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Jan 1, 2008 09:08 PM

What to do with too many Meyer lemons

It's been a good year for our lemon tree. We've given so much fruit to our friends and neighbors that they hide when they see us coming. We have preserved enough lemons to supply an entire Moroccan neighborhood for the forseeable future. We've eaten Shaker lemon pie until our teeth are rotting and my belt is bursting. There are a few gallons of lemon juice in the freezer waiting for the lemonade days of summer. Meanwhile, Meyer lemon hot toddies have gotten old. And while Meyer limoncello seems like a good idea, it can only use up a tiny fraction of the hundreds of lemons that will go to waste unless we can find a way to use them, preserve them, or give them away.

Any suggestions?

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  1. Are you into canning? I just made some terrific Meyer lemon marmarlade from a recipe in the big yellow Gourmet cookbook.

    5 Replies
    1. re: JoanN

      JoanN, that recipe worked for you? I screwed it up. Mine came out not sweet enough, and the fruit was not soft enough. But I didn't want to throw it out so I've been using it as a condiment with cold meat, the way I'd use chutney.

      1. re: NYCkaren

        How odd. Yes, mine was very definitely sweet enough and the fruit soft enough. I haven't opened the sealed jars yet; I'm still working on the not-quite-full jar that went directly into the refrigerator. But I can't imagine that would be any different from the others. In fact, I thought it was so good, I'm thinking of making another batch while Meyer lemons are still easy to come by. I'm wondering if our lemons could have been that different from one another? I bought mine at Fairway. I mean, really; to what else could your lack of success possibly be attributed?

        1. re: JoanN

          I bought mine at Chelsea Market. I suppose the lemons could be different.

          I think I spotted a Meyer lemon marmalade recipe in "Dolce Italiano." I might try that one next time I get the urge.

          My grandparents had a Meyer lemon tree in their L.A. back yard, so whenever I cook with them the smell and taste remind me of Christmas at their house. They're my madeleines, if you will.

          1. re: NYCkaren

            Yes, there is a Meyer lemon marmalade in "Dolce Italiano." The only reason I didn't use that one--and in retrospect it was very foolish of me--was that the recipe makes 5 half-pints and she says it only keeps in the fridge for up to 2 weeks. No way I could use that amount in that amount of time. It only now occurs to me--was I having a senior moment?--that I could just as easily have water-bathed the "Dolce" recipe.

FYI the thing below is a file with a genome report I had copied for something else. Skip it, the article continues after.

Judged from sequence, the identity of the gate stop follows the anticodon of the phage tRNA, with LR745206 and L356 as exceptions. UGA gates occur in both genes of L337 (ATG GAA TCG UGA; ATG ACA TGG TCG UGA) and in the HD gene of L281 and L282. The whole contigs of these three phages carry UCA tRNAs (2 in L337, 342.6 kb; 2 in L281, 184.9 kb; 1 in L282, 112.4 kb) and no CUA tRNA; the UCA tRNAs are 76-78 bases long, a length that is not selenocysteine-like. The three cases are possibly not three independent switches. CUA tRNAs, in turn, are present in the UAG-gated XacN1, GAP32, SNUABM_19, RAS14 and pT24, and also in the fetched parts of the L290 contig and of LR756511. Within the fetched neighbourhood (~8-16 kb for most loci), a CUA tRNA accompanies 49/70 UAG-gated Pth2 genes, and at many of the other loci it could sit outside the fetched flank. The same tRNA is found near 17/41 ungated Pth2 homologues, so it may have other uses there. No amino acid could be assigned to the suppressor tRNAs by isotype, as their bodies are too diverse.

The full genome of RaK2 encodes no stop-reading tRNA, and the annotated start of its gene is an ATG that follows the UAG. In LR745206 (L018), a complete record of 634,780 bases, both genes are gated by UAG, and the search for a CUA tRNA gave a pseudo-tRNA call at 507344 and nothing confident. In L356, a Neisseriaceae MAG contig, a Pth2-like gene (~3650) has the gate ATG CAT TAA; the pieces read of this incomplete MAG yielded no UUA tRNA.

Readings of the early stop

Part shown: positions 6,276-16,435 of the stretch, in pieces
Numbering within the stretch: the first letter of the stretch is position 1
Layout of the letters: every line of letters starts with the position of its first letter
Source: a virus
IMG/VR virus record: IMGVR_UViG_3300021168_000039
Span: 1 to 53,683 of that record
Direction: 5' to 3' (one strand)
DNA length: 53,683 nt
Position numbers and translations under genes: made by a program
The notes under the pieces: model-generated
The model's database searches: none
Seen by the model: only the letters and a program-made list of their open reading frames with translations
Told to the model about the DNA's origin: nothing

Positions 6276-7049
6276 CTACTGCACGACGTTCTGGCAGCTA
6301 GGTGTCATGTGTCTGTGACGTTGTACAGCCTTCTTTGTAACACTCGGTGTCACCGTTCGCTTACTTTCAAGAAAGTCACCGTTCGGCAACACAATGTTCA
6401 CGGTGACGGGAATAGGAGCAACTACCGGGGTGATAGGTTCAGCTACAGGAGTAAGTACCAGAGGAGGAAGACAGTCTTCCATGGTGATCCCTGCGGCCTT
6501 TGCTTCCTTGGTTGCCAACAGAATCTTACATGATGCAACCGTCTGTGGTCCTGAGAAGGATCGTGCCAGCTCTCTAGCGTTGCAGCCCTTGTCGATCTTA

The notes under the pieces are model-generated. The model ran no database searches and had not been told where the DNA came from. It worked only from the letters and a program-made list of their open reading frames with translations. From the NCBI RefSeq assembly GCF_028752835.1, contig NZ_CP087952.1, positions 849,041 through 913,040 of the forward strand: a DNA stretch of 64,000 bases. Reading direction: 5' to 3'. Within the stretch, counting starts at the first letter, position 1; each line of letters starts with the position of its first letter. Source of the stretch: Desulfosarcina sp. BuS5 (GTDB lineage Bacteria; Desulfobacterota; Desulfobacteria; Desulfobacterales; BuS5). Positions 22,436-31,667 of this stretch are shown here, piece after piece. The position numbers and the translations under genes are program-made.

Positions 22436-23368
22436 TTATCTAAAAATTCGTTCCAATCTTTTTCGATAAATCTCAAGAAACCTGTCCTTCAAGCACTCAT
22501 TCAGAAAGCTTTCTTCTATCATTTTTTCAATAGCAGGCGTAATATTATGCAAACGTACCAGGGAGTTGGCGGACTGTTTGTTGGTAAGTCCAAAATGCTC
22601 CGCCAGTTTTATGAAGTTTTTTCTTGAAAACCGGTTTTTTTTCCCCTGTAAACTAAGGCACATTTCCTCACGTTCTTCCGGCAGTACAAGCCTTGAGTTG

I've never even seen a Meyer lemon tree. My only association, before they began to be available in NYC, was exotic fruit that foodie friends never brought enough of back from CA. What a pleasure for us right coasters that we, too, can now enjoy the bounty.

            1. re: JoanN

              Joan - I know this is a bit OT - maybe you can reply on Manhattan - but where are you seeing Meyer lemons? I want to stock up, and just got back from two weeks away.

    2. Although this could involve more leg work than you'd like, you might try seeing if local restaurants or bakeries might want to buy them from you at a low, low price. Back when Phoenix Pastaficio in Berkeley was running their cafe they would actually put out a sign early in the citrus season, offering to purchase Meyer Lemons for something like $1 or $2 per lb.

      1. CURD! It's delicious with pound cake or as a filling for a tart. It can also be folded into whipped cream for lemon mousse. And it holds for a pretty long time in the fridge. Enjoy!

        4 Replies
        1. re: jenhen2

          how about sharing some with a food pantry.

          1. re: LaLa

            LaLa, great idea. If the food pantry doesn't take "perishables" like fresh fruit, give some to favorite local restaurants. I take mine to a pastry chef who loves to make Meyer lemon desserts. She's always more than happy to take them. She "treats" me well in return!

            Another option, in late fall, when olives are ripening, make a few calls to local olive ranchers. Many of the smaller boutique labels are pressing flavored oils. Many of mine go to friends with an olive oil business.

          2. re: jenhen2

            Yep, I made and canned some Meyer lemon curd for the holidays, and it was great. Just use a regular lemon curd recipe and reduce the sugar (but use some of the zest to flavor the curd, and just strain at the end).

            1. This isn't going to help much, but this recipe for lemon & honey greens was in our morning paper.


              2 Replies
              1. re: danhole

                Not much help indeed! The recipe calls for a few slices of lemon to be set aside, but never indicates that they should be added to the dish. Hard to use them up at that rate ;-)

                Thanks for the recipe, though. Sounds like it will go well with the shish kebobs that are on Friday's menu.

                1. re: alanbarnes

                  I should have looked closer at the actual recipe! All I focused on was Meyer lemon. Oops!